Let me clarify — in the launch phase of any startup, we must do things that do not scale. Nearly all software companies have to recruit users manually in the beginning. That certainly isn’t the ideal growth model. At the same time, we must put the efficient processes in place that make growth scalable. That is, without impediments or bottlenecks. And, eventually, we must ditch these non-scalable activities altogether. It makes for a love/hate relationship with the whole thing.

That’s a strange concept. Our intuition tells us that people will beat a path to your door if you build a better product. If they don’t, it must be because the market doesn’t yet exist. But, this isn’t true. Companies take off because founders make them take off. It usually requires some sort of push to get them going — and it is usually something that is inefficient, not immediately cost effective and requires a huge amount of resources.

Even well-funded startups have this strange relationship with scalability. For example, Airbnb jumpstarted their growth by going door-to-door in New York for 30 days. Today, they boast over 6 million users with more than a 200% growth rate year-after-year. Incredible, isn’t it? For them, those 30 days were the difference between success and failure.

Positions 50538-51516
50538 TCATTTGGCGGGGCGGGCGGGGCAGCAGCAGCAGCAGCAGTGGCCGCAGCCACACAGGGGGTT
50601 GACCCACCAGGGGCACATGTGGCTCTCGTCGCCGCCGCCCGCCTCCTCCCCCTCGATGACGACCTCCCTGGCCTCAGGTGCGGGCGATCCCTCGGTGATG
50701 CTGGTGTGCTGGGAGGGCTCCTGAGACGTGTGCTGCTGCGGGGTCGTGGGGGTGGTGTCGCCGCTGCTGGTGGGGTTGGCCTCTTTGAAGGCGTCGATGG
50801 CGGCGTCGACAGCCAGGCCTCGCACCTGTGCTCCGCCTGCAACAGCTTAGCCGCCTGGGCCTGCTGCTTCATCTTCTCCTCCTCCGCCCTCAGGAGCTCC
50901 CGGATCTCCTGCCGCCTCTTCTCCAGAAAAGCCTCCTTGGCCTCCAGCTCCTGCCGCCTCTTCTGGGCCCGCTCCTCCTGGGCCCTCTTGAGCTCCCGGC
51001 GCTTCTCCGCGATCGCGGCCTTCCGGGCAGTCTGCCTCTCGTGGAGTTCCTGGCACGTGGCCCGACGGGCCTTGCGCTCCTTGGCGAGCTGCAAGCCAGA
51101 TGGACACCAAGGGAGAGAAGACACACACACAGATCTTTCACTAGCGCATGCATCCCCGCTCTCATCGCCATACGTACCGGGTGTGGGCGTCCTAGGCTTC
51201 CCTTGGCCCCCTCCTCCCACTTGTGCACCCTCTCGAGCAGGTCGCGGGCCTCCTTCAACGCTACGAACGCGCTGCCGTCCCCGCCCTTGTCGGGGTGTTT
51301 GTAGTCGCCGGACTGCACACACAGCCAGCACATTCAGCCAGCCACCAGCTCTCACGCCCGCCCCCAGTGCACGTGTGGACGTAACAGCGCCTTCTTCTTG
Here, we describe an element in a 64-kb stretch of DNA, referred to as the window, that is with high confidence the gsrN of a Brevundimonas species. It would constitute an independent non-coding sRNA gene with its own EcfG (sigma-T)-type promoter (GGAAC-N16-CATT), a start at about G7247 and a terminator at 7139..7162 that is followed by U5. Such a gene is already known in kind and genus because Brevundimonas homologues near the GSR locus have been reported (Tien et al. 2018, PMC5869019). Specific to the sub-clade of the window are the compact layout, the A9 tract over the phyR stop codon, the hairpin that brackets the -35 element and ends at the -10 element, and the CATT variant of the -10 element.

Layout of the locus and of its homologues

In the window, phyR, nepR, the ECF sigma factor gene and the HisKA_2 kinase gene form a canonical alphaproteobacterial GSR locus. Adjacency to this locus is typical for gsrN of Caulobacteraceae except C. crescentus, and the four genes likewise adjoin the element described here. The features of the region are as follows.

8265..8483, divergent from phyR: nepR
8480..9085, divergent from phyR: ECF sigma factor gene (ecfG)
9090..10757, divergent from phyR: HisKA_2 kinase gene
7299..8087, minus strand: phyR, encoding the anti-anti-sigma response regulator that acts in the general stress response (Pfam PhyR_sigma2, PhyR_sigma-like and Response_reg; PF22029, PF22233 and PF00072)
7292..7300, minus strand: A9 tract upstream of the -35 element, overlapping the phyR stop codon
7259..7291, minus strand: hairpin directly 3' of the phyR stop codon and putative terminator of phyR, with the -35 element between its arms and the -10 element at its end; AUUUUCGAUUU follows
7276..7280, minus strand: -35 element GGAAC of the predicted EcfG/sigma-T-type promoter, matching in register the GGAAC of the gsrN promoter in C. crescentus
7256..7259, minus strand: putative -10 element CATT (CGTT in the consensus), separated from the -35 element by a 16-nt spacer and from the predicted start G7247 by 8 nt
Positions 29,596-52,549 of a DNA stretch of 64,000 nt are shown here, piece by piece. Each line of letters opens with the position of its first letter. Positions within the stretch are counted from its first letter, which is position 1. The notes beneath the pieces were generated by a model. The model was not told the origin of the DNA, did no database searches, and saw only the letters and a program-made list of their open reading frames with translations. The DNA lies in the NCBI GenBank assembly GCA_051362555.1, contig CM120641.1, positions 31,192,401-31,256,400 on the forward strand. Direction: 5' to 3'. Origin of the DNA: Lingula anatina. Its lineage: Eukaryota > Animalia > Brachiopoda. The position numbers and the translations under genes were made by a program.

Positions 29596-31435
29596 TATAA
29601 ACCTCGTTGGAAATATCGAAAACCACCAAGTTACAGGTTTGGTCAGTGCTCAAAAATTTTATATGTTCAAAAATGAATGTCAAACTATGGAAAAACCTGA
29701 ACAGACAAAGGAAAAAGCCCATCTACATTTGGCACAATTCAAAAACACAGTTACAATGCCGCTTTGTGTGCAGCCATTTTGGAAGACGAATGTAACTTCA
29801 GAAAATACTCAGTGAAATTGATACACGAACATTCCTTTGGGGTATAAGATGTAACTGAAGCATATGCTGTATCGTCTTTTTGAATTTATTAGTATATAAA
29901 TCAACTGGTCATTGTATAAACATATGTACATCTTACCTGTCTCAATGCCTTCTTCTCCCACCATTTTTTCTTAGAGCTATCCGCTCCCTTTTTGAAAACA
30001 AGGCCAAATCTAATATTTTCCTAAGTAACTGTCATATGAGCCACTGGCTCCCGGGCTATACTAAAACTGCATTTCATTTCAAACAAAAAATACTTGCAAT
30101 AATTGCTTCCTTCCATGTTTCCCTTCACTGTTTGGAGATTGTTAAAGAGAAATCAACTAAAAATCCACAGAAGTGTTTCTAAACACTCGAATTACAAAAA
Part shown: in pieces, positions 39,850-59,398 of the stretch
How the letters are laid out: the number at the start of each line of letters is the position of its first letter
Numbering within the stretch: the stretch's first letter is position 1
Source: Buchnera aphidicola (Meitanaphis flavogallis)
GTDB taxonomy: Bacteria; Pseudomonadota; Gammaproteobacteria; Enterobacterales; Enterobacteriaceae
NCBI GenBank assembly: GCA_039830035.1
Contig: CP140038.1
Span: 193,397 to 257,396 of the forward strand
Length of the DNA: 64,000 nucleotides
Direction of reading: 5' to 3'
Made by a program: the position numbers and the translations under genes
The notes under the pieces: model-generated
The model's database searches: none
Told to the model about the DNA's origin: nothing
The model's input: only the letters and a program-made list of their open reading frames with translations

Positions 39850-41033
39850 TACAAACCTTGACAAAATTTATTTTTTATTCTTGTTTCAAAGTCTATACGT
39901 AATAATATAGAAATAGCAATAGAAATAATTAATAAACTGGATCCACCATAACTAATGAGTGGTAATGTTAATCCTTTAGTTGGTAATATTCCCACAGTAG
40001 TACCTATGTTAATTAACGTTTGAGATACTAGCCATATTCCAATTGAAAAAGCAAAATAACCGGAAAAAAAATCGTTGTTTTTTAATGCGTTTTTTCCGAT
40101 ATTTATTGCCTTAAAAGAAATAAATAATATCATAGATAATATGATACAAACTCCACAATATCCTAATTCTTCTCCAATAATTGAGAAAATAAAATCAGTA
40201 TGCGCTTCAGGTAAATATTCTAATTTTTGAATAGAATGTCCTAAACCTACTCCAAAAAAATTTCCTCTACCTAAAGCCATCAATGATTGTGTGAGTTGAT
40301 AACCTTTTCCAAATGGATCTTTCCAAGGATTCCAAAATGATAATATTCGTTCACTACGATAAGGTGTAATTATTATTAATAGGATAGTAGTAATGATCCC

For some of you, that’s a breath of fresh air. You mean those unscalable things I’ve been doing are ok? Yes. For now. But, there comes a point when other areas of your business will require more intense focus. At that point, you need to be honest with yourself. If you’ve come to the point where you can no longer give every task your all and you have the ability to delegate, don’t hesitate. Implement those processes. Scale!

The reason we resist scale is because we are either trying to increase current profit margins or we do not trust others to complete tasks to our standards. Often, it’s both. At the slightest hint of amateur performance from our team, there is a tendency to say, “I’ll just do it.” And, instead of turning those moments into teachable opportunities, we pile on more on ourselves. Ironic.

There is no doubt that any startup founder wears a lot of hats but lack of delegation and process management can create an overwhelming bottleneck for any company. Without it, it can be difficult to focus on the big picture. Instead, our focus shifts to completing tasks and keeping the collective head above water. The result? Unwarranted stress and lack of growth.